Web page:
tial contenders for a substantial 
stake in what would be one of 
eastern Europe's biggest bank 
privatisations. 

They join Ctedit Agricole, the 
French co-operative bank, which 
has for several months shown 
interest, in taking a stake. It is 
the only main contender to have 
conducted a “due diligence” 
investigation of the Hungarian 
target 

A stake in Budapest Bank 
would provide Credit Suisse with 
a means of expansion to the east 
after the failure of its approach 
to Creditanstalt of Austria. 

Hungary expects to name a 
preferred bidder or bidders on 
November 17. which gives Credit 
Agricole a time advantage. To 
open up the race, the state bank 
and its advisers have granted the 
last-minute bidders another fort- 
night to prepare proposals. 

The successful industry inves- 
tor is expected to pair up with 
the London-based European 
B ank for Reconstruction and 
Development. The most likely 
option is that together they 
would hold a majority. 

Creditanstalt, one of Austria's 
leading banks, explored an offer 
for the h ank but management 
divisions are understood to have 
inhibited an approach. 

The sharpening rivalry for 
Budapest Bank marks a shift in 
western banks’ strategies in east- 
ern Europe. 

State banks in the region have 
shown a strong propensity to 
make bad loans and the pre- 
ferred means of establishing a 
presence has been to set np 
stand-alone branches. 

But In two deals in the last 12 
months ING Bank and Bayer- 
ische Landesbank took 25 per 
cant stakes in a Polish and a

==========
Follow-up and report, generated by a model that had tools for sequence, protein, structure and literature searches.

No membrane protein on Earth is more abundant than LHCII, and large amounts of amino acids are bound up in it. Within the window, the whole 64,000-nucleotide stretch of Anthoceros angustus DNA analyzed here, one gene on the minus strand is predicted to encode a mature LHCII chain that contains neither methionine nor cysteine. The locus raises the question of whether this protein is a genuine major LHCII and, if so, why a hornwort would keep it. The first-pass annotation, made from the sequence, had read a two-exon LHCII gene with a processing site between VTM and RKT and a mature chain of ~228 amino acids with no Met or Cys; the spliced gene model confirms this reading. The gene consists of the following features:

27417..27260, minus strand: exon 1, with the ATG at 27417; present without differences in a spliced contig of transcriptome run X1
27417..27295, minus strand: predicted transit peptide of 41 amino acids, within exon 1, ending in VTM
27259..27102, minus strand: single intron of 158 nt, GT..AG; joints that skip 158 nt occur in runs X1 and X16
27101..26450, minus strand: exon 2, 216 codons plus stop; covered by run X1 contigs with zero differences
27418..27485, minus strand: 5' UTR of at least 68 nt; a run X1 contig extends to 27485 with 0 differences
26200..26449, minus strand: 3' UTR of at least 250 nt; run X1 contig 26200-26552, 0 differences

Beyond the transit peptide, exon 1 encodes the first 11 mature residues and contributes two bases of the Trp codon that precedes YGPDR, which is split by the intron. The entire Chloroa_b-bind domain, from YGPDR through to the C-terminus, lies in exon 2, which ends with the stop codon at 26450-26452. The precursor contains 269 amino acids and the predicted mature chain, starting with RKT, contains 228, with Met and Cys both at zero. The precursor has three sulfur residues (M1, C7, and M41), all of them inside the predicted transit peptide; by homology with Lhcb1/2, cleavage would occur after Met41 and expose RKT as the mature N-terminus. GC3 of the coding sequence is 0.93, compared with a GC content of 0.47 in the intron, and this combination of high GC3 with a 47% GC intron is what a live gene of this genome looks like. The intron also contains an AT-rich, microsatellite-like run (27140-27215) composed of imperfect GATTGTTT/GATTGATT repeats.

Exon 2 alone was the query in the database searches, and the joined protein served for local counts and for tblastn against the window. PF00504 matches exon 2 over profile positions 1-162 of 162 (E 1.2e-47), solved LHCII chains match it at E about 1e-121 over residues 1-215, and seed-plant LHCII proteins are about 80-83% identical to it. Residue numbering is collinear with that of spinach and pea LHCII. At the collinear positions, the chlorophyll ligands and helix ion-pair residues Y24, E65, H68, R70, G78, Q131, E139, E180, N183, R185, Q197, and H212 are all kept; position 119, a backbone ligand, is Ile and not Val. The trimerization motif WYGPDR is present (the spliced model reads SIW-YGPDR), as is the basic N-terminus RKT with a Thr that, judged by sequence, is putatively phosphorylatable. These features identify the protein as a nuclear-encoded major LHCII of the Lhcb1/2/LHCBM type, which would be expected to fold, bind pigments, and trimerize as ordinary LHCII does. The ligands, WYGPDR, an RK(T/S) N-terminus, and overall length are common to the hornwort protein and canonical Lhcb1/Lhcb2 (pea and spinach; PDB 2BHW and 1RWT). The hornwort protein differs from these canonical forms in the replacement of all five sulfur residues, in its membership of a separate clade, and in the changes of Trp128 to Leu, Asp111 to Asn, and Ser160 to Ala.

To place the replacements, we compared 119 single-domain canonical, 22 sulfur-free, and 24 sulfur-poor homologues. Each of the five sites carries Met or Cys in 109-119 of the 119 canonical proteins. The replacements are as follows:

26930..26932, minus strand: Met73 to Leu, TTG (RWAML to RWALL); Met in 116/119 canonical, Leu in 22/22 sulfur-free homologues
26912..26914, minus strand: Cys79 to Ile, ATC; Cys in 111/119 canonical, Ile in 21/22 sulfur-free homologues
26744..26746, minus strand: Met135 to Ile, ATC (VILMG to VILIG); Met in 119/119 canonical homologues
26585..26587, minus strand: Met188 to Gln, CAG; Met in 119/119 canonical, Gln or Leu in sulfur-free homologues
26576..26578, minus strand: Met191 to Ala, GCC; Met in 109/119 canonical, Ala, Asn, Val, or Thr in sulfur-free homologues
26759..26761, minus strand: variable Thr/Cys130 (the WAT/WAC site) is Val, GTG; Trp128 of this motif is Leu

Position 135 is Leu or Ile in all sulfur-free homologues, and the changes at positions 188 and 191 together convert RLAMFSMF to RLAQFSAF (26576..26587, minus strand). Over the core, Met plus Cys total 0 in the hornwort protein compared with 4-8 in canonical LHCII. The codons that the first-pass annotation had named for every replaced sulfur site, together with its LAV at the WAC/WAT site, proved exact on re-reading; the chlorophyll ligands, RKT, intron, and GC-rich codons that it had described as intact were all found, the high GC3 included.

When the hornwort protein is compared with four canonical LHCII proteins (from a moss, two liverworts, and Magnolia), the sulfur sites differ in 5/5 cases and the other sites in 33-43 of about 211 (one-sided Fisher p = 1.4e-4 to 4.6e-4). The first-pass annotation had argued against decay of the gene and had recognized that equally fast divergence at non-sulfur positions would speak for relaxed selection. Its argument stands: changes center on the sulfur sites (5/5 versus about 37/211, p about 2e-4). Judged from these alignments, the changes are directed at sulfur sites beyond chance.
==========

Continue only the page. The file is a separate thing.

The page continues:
Hungarian bank respectively. 

Budapest Bank has total assets 
of Ftl56.6bn (S1.47bu). and a 
Hungarian official hoped for a 
purchase price of up to 8100m. 

The Hungarian government 
has spent over more than $3bn, 
or 9 per cent of GDP, bailing out 
technically insolvent state banks 
and the privatisation of Buda- 
pest Bank is the first fruit of the 
rescue programme. 



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22 


FINANCIAL TIMES TUESDAY NOVEMBER 1 1994 


★ 


INTERNATIONAL COMPANIES AND FINANCE 


UBS ‘unlikely’ 
to match last 
year’s record 


By lan Rodger in Zurich 

Union Bank of Switzerland, 
which is in the midst of a 
proxy battle with its largest 
shareholder over its business 
strategy, has said its 1994 net 
income will be lower than the 
record SFr2.27bn (S1.8bn) it 
made last year. 

“Last year’s excellent result 
is unlikely to be reached,” 
UBS, Switzerland's largest 
bank, said in a statement on 
third-quarter trading. Earlier, 
it bad left open the possibility 
of matching the 1993 result 

The bank blamed unfavoura- 
ble market conditions for a 
decline in third-quarter profits. 

No figures were given, but it 
said both net interest income 
and trading income were 
down, although the trading 
result was "substantially 
higher” than in the previous 
quarter. 

Fee and commission income 
were said to be "excellent", 
marking the only contrast with 
the third-quarter report of 
Credit Suisse which said last 
week its commissions business 
suffered a "slight downturn”. 

UBS said commissions from 
its corporate finan ce business 
were unsatisfactory. 

Expenses were down notice- 
ably. As in the case of Credit 
Suisse, bad loan provisions 
were reduced but remained at 
a high leveL 


UBS has called an extraordi- 
nary general meeting of share- 
holders for November 22 to 
vote on its proposal to convert 
all registered shares into 
bearer shares. The par value 
on the registered is one-fifth 
that on the bearers, giving an